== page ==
al, which had a mean age of 63 years, against the mean age of 43.8years. (41)MVA accounted for the majority in
young population, and male patients, while simple fall down was the second most common mode in our series, while
in a study conducted by Elsoe et al, they had a 61% incidence as a result of trivial trauma, this can be attributed to
increased MVA in recent years. (42)Common complications encountered in our study were anterior knee pain and
shortening. Less common complication was local symptoms at the distal bolt. We agree with Handolin et al, i.e.
RFN is a reliable tool in treatment of distal femur fracture with a low complication rate. (1)

Conclusion:-
Retrograde intramedullary nailing using RFN is good technique for stabilization of distal femur fractures including
supracondylar and intercondylar fractures. It provides a good anchorage to bone in the distal condylar segment
where fracture fixation is potentially difficult because of wide canal, thin cortices, and frequently poor bone quality
especially in osteoporotic patient. It is minimally invasive surgery with less soft tissue disruption and stable fracture
fixation, which allows early mobilization and weight bearing with good results and low complication rates.

Table 1:- Mechanism of trauma (n=43).


Mechanism of trauma Number of patients Percentage (%)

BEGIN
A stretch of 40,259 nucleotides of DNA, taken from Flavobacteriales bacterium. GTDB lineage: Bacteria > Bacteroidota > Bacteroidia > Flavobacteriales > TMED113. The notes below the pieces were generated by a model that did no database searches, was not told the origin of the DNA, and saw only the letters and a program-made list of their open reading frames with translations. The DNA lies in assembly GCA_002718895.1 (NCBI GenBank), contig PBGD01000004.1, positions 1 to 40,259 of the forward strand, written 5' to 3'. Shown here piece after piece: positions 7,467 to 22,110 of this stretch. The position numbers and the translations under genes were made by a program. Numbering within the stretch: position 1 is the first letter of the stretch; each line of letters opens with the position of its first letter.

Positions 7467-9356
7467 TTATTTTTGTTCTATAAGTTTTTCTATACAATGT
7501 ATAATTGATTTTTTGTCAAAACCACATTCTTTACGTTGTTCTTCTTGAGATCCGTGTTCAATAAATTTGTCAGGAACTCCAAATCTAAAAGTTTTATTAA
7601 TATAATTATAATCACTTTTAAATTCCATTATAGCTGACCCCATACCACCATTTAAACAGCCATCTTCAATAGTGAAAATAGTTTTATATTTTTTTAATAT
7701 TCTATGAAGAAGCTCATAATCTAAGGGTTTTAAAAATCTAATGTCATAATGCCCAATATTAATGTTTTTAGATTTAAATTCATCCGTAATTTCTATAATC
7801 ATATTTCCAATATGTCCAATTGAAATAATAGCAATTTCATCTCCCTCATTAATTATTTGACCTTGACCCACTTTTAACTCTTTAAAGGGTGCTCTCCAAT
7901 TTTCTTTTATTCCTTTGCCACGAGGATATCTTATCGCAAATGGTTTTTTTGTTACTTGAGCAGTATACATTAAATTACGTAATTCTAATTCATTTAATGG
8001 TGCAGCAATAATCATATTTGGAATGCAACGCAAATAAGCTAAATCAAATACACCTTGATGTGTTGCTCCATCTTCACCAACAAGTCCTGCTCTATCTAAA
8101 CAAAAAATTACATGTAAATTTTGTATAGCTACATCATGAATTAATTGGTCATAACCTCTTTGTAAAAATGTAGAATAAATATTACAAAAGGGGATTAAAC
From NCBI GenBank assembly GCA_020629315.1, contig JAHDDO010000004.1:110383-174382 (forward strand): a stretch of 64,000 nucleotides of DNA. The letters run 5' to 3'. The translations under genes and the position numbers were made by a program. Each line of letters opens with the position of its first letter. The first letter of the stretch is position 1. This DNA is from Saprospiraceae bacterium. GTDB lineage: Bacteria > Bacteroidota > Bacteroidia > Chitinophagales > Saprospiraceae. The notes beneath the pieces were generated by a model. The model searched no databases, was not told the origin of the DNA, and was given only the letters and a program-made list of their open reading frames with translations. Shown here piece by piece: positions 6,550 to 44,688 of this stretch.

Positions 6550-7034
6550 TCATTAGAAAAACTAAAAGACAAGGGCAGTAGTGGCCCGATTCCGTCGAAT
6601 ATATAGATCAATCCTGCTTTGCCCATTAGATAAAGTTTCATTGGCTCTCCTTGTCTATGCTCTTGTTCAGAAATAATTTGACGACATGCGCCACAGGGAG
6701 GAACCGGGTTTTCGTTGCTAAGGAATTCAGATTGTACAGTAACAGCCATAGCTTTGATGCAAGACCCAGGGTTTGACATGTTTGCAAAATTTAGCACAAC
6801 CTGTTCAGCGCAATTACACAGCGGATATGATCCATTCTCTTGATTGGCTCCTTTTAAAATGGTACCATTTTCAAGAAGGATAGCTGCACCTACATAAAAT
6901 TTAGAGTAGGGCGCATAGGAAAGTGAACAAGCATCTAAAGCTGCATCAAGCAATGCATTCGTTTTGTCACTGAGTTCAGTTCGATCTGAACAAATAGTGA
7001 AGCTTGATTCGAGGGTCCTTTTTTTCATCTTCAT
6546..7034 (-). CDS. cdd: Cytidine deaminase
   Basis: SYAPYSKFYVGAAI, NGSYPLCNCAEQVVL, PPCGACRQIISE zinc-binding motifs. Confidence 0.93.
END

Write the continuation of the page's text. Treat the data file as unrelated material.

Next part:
MVA 22 51.2%
DF elp iS 22 27.9%
iFepue FmraeFpF 9 20.9%

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Table 2:- Functional outcome using modified HSS scale.


esoffur ce.foserufcarf Percentage (%)
Excellent 11 28.2%
Good 14 35.9%
etapeuop 10 25.6%
rtte 4 10.3%

Table 3:- Range of knee flexion.


Range of active flexion ˃110° 90°-110° 85° 85°˂
No. of patients 10 21 5 3

Fig. 1:- Backing out of two distal locking screws with delayed union.

Fig. 2:- Supracondylar fracture of right femur in 53 Y.O female with ipsilateral neckfemur fracture fixed with
femoral neck plate and RFN.

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Fig. 3:- Pathological fracture due to simple bone cyst in 16 YO female.

…… .
Fig. 4:- Fractures of both femurs in 35 YO male, left is segmental open type I fracture treated by long version RFN,
right is supracondylar comminuted fracture treated by standard RFNwith sound union.